While the strength of the writing fluctuates, the battle system is a fun throwback to older Final Fantasy games that successfully mixes in some of Dissidia’s style as well. You get three party members who face off against enemies in turn-based combat. There are two types of attacks that can be used: Bravery and HP. The amount of Bravery that your character obtains determines how powerful your HP attacks will be. So, if your character has 0 Bravery, and you hit an enemy with an HP attack, the enemy will take no damage. This leaves some room for strategizing how you will attack enemies.

That said, as much as I love having so many characters at my disposal, it does make leveling up more of a pain. The game developers made an attempt to fix the problem by giving out extra rewards on certain quests if you use a particular character. You can also gain more experience on quests by using certain characters. Still, it’s a struggle, and it would help if the new characters you acquire throughout the story didn’t always start at Level 1, no matter where you are. It would make more sense to have them at different levels depending on when you acquire them, like other Final Fantasy games have done in the past.

Since this is a free-to-play game, Opera Omnia does rely on microtransactions to some degree. The quickest way to acquire the best weapons and armor comes from the Weekly Draws and Event Draws. You can either pull for one weapon using a Draw Ticket or eleven weapons using 5,000 gems. You earn gems and tickets by logging into the game and completing various tasks. Or you can go to the Gem Shop and buy them.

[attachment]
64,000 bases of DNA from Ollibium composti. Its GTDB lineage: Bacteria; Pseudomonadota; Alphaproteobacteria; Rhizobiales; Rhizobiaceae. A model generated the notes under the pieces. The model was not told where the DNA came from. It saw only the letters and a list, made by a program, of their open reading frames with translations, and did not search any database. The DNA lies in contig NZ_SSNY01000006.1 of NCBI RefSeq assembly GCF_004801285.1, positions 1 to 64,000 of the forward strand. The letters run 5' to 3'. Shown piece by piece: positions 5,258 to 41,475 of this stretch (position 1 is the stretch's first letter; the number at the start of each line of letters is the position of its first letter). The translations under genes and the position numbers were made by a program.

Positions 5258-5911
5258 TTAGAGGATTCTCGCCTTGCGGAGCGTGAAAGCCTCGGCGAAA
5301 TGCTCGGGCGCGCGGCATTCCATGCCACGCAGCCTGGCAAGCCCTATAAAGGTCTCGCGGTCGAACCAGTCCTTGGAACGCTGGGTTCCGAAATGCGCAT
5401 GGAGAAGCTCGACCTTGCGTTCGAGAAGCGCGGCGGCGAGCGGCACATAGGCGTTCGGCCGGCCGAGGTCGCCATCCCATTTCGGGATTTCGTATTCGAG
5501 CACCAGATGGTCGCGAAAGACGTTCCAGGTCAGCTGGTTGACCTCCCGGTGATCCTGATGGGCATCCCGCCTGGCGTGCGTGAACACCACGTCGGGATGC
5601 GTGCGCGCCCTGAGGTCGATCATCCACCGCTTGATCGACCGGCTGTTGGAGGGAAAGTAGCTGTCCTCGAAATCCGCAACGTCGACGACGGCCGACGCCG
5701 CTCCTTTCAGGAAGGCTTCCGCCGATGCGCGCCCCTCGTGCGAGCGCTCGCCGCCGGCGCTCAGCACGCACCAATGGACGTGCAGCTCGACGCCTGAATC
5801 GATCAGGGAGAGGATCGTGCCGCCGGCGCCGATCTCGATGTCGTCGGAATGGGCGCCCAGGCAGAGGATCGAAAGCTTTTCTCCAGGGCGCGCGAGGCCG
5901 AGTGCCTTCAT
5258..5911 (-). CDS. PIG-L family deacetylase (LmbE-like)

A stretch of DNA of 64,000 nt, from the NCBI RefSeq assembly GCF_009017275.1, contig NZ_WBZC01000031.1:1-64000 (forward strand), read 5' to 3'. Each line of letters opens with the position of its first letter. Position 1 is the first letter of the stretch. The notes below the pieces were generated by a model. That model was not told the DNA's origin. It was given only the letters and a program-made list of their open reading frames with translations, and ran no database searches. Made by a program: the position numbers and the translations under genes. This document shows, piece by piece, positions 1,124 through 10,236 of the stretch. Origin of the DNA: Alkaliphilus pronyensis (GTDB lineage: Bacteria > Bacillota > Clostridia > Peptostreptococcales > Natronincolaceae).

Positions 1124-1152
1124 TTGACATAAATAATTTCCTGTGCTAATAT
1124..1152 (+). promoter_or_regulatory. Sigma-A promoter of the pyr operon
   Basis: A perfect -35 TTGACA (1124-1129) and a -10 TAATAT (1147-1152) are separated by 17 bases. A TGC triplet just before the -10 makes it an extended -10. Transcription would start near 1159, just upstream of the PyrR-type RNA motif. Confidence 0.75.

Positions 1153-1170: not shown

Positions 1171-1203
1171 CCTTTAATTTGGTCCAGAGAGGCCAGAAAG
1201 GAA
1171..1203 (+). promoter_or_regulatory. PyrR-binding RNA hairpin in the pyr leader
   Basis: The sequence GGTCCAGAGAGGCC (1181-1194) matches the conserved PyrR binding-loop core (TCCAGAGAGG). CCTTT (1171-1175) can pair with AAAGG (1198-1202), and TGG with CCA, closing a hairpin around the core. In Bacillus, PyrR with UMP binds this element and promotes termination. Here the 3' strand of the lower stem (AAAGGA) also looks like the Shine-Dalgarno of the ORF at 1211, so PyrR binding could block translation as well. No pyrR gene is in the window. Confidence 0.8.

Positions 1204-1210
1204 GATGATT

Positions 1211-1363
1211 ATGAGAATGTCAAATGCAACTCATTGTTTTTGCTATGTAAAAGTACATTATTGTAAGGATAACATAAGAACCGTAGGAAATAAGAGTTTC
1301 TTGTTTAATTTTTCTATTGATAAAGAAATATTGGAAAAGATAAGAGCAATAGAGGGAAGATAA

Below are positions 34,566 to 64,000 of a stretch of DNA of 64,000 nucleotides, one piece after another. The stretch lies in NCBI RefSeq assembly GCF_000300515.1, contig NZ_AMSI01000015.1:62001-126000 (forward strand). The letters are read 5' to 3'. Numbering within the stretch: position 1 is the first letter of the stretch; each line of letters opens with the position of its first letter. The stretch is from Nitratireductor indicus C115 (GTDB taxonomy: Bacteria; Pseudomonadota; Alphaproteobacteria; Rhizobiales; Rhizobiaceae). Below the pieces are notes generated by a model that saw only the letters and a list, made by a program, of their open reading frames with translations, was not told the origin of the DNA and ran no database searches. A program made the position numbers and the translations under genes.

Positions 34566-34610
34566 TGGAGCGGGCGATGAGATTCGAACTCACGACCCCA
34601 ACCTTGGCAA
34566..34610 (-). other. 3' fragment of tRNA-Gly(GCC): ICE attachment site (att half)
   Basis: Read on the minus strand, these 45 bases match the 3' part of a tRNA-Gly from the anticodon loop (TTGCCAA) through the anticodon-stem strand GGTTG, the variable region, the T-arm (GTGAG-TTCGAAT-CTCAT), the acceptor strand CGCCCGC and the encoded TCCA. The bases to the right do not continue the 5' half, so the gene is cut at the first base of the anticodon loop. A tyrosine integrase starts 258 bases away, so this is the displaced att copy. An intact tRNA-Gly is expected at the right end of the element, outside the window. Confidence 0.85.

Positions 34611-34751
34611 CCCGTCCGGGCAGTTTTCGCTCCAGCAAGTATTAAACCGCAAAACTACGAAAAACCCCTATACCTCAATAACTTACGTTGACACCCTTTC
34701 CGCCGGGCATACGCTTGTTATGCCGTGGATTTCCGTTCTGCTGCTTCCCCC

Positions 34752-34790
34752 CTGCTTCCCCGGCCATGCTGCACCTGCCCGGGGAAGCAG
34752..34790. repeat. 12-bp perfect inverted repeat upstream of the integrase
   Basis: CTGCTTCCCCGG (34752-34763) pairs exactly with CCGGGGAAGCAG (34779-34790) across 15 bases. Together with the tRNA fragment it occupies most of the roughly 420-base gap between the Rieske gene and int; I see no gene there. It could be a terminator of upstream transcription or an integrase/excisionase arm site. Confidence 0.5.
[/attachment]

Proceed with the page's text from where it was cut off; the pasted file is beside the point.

The game gives you different purchase options, from a Bronze Chest that gives you 120 gems for $0.99, to an Adamant Chest that gives you 12,000 gems for $74.99. I can’t imagine spending $75 in one transaction for fake money, and for a deal that only allows you two pulls from one of the draws, it doesn’t seem worth it. But I’ve found the game to be playable without drawing for weapons very much. Time will tell if that changes as I get farther and farther into the story and the difficulty increases. It’s also worth noting that you can enhance your weapons yourself with materials that you find. But if you want good weapons fast, the draws are your best bet.

So far, Dissidia Final Fantasy Opera Omnia has been a fun experience and I enjoy playing it. I can’t wait to see what other characters get added to the lineup. (Locke? Rinoa? Where are you?) While the plot is still a little weak, I love watching the characters play off of each other and setting up a party for turn-based combat. If you’re a fan of any of the Final Fantasy games, it’s most likely that you will enjoy it too.